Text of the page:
In schools where trained chefs jazzed up fare, children ate more fruits and vegetables – and the schools themselves saved money, according to a study released last week in the journal JAMA Pediatrics.
Getting them to drink plain milk instead of chocolate milk was a much bigger challenge, however.
Researchers at Harvard University’s T.H. Chan School of Public Health studied the eating habits of more than 2,600 third- through eighth-graders in two low-income urban school districts. The vast majority of the children were Hispanic, and their average age was 11 1/2. Trained chefs were randomly assigned to some schools to spice up fruits, vegetables and entrees with low-fat, low-salt recipes. In some of the schools, the project also experimented with how the foods were presented to the children in the food line.
The researchers weighed the quantities of food the kids took and their “plate waste” – the food left over when they were finished eating.
Not surprisingly, when kids were offered sauteed broccoli in garlic and olive oil or vegetable soup instead of hideous piles of indistinguishable greens, they tended to eat more of the healthful food, said Juliana Cohen, a research associate in the school’s nutrition department.
Cutting childhood obesity
This is no small matter, because, as the study points out, 30 million children receive meals at school each day and many of them rely on those meals for as much as half their calories. When those calories come in the form of junk food, they contribute to the current condition of U.S. school-aged children, nearly a third of whom are overweight or obese, according to an editorial that accompanies the study.
“When choosing what to eat, children are particularly influenced by the environment in which food is presented,” the editorial notes. “‘Choice architecture’ is the application of behavioral economic principles to the design of environments in which decisions are made.”
The Obama administration, in particular first lady Michelle Obama, has made more healthful school lunches a priority, but this study was conducted before new standards went into effect. (A separate study by Cohen and others belied accounts that kids were rejecting more nutritious food because of its taste.)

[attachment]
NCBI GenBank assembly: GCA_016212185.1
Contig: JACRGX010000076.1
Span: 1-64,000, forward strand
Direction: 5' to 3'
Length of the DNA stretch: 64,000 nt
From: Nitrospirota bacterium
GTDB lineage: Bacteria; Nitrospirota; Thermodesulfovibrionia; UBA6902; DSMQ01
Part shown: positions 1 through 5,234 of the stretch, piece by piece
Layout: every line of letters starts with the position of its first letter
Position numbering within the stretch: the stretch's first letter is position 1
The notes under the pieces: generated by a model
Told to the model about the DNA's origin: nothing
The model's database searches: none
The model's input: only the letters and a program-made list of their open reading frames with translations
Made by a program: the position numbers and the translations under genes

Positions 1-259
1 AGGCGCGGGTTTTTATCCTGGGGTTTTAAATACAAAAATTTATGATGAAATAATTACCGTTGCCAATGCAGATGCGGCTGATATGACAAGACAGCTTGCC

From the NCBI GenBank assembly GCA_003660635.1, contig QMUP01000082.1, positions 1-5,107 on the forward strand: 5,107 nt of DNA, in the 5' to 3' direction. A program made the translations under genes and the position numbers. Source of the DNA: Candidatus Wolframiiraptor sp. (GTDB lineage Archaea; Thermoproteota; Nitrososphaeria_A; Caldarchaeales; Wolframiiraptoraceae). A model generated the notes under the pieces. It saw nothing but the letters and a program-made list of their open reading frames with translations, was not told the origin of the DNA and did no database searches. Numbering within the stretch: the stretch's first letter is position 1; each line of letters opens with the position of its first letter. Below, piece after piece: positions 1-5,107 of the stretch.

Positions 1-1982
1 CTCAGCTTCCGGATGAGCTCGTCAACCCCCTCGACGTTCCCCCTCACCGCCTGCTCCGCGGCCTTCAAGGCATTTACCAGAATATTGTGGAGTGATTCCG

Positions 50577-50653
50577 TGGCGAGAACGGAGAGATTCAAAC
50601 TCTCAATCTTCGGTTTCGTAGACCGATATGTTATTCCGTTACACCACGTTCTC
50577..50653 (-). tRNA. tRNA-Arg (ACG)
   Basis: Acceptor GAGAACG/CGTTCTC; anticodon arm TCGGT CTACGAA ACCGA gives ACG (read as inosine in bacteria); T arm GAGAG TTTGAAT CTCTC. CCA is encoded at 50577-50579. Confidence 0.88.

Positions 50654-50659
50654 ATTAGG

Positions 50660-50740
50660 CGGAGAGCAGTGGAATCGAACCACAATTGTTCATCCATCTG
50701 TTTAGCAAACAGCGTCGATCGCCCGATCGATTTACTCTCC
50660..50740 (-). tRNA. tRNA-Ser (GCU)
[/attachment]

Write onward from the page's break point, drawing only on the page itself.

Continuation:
Give kids time to adapt
In the current study, researchers found that consumption of entrees didn’t change much, but that didn’t bother them, because chefs were substituting low fat, low salt and whole grain meals for less healthful alternatives. After three months, the children didn’t change their selection of fruits and vegetables prepared by chefs very much, but after seven months they did. They also chose more fruit in schools where it was presented prominently. When both approaches were tried, fruit and vegetable consumption improved.
“We didn’t see the increase in consumption immediately,” Cohen said. “Schools shouldn’t abandon healthy foods if students don’t instantly” take to it, she added.
The only failure of the experiment occurred when the researchers pushed plain milk by making it more obviously available, in an attempt to persuade children to choose it over chocolate milk. That just didn’t work, and Cohen said schools might have to consider removing the sugar-sweetened beverage from cafeterias if they want children to make that change.
When I asked her how any school district could afford a chef, Cohen said the move actually saved money for the ones in this study. In addition to their training in recipes and food presentation, chefs from restaurants and caterers brought their knowledge of more efficient use of food and inventory control to the school meal operation, trimming costs for the districts.